Secretary of State John KerryJohn KerryCongress, Trump need a united front to face down Iran One year ago today we declared ISIS atrocities as genocide Trump’s realism toward Iran is stabilizing force for Middle East MORE on Wednesday rejected widespread calls for a flight ban between the U.S. and African nations that are battling Ebola.
Some lawmakers have been pushing for a ban on commercial airline flights between the U.S. and Ebola-stricken nations following the diagnosis of the disease in a man who flew from Liberia to Texas with a connection in Washington, D.C.
"We need airlines to continue to operate in West Africa," he said as he ticked off a lists of things that would be necessary to halt the outbreak of the deadly Ebola virus.
"And we need borders to remain open," Kerry continued. "And we need to strengthen the medevac capacity. We need countries to contribute more Ebola treatment centers. And we need other African countries with the capacity to send responders to join the effort. And we need to make sure that the healthcare workers who go are properly trained, properly equipped, and supported in order to prevent additional infections."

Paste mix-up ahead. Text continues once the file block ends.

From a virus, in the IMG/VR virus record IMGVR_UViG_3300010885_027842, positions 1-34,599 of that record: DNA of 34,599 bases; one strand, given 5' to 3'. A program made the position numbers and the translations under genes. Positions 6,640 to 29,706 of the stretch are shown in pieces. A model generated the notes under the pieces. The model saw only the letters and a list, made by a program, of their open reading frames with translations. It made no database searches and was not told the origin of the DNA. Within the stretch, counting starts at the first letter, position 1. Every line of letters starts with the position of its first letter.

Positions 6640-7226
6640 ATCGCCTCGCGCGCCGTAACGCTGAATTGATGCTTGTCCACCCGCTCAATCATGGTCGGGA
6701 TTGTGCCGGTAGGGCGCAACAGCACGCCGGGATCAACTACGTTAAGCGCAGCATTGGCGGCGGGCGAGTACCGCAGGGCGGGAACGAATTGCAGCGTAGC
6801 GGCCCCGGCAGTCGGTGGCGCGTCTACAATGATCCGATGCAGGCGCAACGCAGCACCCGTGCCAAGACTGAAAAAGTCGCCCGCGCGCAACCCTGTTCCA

The first man diagnosed with Ebola in the U.S., Thomas Eric Duncan, died on Wednesday from complications related to the disease.
U.S. officials have thus far responded to the concerns about the potential spread of Ebola by saying only that they would increase screening for symptoms of the virus at U.S. airports popular for international arrivals, such as Washington's Dulles International Airport, where Duncan changed planes in September on his trip from Liberia to Dallas.
For his part, Kerry defended the Obama administration's handling of the first domestic cases of Ebola from critics who have argued that the president has been too slow to make changes at U.S. airports.
"President Obama has made it crystal clear that Ebola is an urgent global crisis that demands an urgent global response," Kerry said. "The United States has intensified every aspect of our engagement, and that includes providing Ebola treatment units, recruiting first responders, and supplying a critical set of medical equipment."